# Dimensional Analysis – Is the Number 1 a Unit?

conventionsdimensional analysisunits

In dimensionless analysis, coefficients of quantities which have the same unit for numerator and denominator are said to be dimensionless. I feel the word dimensionless is actually wrong and should be replaced by "of dimension number". For example, the Mach number is of dimension one.

Many people write, for this case:

Mach-Number | Dimension: "-" | Unit: "1"

As mentioned before, I would say 'Dimension: "1"' in this place. But what about the unit? $\text m/\text s$ divided by $\text m/\text s$ is equal to one. But is the number one a unit by definition? Or should one say that the Mach number has no unit and therefore 'Unit: "-"'?

This is analogous to the definition of an empty product in mathematics. For a finite non-empty set $S=\{s_1,\ldots,s_n\}$, the product over $S$ can be defined as $$\prod_{s\in S}s=s_1\times \cdots\times s_n.$$ For such a product you'd want disjoint unions to map into products: if $R\cap S=\emptyset$, then you want $\prod_{x\in R\cup S}x=\left(\prod_{s\in S}s\right) \times \left(\prod_{r\in R}r\right)$, but for this to make sense you want to be able to handle the empty set, and the only way to make the rules consistent is to set $$\prod_{s\in\emptyset}s=1.$$ This essentially says: if there's nothing to multiply, the result is one. (Similarly, empty sums are defined to be zero, for the same reason.) In the case in hand, you could simply say if there are no units to multiply, then you get one. As Luboš points out, this is the harmless only consistent choice, as multiplying by one does not change the quantity.

Moreover, this empty-product intuition can be carried out to a full formalization of physical dimensions and units as a vector space. The whole works is in this answer of mine, but the essential idea is that positive physical quantities form a vector space over the rationals, where "addition" is multiplication of two quantities and "scalar multiplication" is raising the quantity to a rational power. This vector-space formalism is precisely the reason why dimensional analysis often boils down to a set of linear equations. Moreover, in this vector space the 'zero' is the physical quantity and unit $1$ - neither vector space makes sense unless $1$ is both a quantity and a unit.

Ultimately, of course, it boils down to convention, so people can just say "I'm going to do this in this other way" and they won't be "wrong" as such. However, in general, the consistent way to assign things is to say that dimensionless quantities have dimension $1$ (modulo whatever square bracket convention you're using) and unit $1$.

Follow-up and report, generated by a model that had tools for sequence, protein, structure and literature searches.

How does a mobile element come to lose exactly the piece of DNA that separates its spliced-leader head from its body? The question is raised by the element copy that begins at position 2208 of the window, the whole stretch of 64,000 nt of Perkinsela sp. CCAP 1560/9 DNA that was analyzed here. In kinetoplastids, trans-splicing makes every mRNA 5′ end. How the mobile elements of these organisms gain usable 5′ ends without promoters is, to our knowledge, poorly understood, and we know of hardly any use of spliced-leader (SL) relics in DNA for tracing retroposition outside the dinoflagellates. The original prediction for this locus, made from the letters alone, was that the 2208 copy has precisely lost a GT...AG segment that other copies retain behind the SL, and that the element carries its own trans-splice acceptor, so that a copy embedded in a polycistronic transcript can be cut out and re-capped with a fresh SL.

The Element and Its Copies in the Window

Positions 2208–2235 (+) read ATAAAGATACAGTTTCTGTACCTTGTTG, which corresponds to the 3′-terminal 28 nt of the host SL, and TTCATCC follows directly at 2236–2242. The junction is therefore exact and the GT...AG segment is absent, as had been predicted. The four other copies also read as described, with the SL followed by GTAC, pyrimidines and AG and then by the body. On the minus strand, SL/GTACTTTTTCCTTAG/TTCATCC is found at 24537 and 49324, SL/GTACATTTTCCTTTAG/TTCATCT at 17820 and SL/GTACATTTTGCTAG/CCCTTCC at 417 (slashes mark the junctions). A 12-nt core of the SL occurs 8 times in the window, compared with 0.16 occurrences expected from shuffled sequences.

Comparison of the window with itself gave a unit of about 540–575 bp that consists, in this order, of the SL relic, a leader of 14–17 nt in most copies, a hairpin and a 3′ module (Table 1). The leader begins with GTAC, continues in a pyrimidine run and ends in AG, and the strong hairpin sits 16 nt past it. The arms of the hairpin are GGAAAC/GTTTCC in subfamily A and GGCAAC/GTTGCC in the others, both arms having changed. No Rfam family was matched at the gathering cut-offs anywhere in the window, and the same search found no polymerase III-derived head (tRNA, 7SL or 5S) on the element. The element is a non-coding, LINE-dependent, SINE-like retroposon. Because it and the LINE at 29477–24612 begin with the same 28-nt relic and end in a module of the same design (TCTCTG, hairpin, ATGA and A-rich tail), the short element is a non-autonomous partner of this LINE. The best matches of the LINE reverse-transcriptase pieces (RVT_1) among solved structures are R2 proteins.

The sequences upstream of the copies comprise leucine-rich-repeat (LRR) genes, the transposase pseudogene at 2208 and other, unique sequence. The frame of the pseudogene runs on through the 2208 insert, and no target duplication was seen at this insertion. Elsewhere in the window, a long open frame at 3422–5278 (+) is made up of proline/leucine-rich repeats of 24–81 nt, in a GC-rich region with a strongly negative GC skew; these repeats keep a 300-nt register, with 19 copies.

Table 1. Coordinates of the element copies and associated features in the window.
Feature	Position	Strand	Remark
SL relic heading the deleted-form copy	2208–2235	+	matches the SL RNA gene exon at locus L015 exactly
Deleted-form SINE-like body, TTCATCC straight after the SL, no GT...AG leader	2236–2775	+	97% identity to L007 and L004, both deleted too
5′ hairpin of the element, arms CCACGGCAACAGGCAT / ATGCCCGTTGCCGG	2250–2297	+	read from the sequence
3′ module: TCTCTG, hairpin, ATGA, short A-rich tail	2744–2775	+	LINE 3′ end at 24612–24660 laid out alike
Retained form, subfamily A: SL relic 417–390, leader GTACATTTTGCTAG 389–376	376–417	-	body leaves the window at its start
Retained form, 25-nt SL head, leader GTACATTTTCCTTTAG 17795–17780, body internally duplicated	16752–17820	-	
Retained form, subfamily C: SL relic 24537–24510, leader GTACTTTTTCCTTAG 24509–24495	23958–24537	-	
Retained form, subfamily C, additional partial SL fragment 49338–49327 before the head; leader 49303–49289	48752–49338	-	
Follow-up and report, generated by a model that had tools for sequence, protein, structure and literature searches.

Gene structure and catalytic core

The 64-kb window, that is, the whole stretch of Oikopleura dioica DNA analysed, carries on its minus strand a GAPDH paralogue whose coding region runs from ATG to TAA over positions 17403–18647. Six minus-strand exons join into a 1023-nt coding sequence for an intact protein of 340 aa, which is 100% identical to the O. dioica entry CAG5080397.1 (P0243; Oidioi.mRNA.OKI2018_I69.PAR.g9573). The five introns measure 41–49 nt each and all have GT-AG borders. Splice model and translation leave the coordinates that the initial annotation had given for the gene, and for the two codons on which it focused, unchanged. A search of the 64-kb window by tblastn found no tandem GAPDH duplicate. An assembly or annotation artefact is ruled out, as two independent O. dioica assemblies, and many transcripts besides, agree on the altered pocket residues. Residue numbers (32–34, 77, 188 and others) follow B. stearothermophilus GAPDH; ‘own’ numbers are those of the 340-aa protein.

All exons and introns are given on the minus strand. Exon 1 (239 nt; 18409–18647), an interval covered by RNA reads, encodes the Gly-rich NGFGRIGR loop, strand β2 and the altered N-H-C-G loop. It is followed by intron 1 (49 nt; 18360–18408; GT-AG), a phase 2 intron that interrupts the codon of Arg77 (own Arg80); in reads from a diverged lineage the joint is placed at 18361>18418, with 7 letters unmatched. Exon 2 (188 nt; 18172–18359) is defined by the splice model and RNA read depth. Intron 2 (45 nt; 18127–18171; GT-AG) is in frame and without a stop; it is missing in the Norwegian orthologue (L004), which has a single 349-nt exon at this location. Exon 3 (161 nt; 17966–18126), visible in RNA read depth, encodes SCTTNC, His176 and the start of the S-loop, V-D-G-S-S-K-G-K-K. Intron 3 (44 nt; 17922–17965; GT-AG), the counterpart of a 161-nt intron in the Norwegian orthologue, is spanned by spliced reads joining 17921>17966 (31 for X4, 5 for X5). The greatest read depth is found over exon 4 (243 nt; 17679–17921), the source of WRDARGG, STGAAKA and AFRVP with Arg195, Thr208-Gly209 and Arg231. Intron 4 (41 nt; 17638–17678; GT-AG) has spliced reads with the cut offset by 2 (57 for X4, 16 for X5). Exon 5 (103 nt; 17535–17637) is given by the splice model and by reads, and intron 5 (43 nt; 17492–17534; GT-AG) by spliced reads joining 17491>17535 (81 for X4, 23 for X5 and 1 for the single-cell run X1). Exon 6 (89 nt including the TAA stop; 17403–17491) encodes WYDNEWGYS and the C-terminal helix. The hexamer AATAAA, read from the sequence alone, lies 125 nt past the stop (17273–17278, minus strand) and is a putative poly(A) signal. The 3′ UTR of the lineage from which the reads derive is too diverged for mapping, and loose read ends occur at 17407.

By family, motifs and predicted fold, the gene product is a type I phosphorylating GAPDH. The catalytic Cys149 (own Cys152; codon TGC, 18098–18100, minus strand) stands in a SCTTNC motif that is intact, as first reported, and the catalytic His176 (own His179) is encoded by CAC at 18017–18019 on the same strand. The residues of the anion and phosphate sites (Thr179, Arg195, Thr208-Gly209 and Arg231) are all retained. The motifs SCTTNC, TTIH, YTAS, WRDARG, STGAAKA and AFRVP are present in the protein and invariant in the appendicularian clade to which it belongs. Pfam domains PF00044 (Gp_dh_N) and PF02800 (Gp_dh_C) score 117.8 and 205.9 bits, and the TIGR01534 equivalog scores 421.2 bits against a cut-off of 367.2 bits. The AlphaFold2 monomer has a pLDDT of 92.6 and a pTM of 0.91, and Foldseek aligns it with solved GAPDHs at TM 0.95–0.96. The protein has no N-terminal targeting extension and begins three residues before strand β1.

To back this up a bit, for those that care about organizational guidance, the BIPM publishes the International Vocabulary of Metrology, which states (§1.8, note 1) that

The term "dimensionless quantity" is commonly used and is kept here for historical reasons. It stems from the fact that all exponents are zero in the symbolic representation of the dimension for such quantities. The term "quantity of dimension one" reflects the convention in which the symbolic representation of the dimension for such quantities is the symbol 1 (see ISO 31-0:1992, 2.2.6).

This is essentially the same in the ISO document, which has been superseded by ISO 80000-3:2009 (paywalled, but free preview available), which has an essentially identical entry in §3.8.

Finally, and as a response to some of the comments by Luboš Motl, this applies to the term "physical dimension" as understood by the majority of physical scientists.

There is also an alternative convention, used in high-energy contexts where you work in natural units with $\hbar=c=1$, in which you're left with a single nontrivial dimension, usually taken to be mass (=energy). In that context, it is usual to say a quantity or operator has "dimension $N$" to mean that it has mass dimension $N$ i.e. it has physical dimension $m^N$, but since there's only ever mass as the base quantity it often gets dropped. However, this is very much a corner case with respect to the rest of physical science, and high-energy theorists are remiss if they forget that their "dimension $N$" only works in natural units, which are useless outside of their small domain.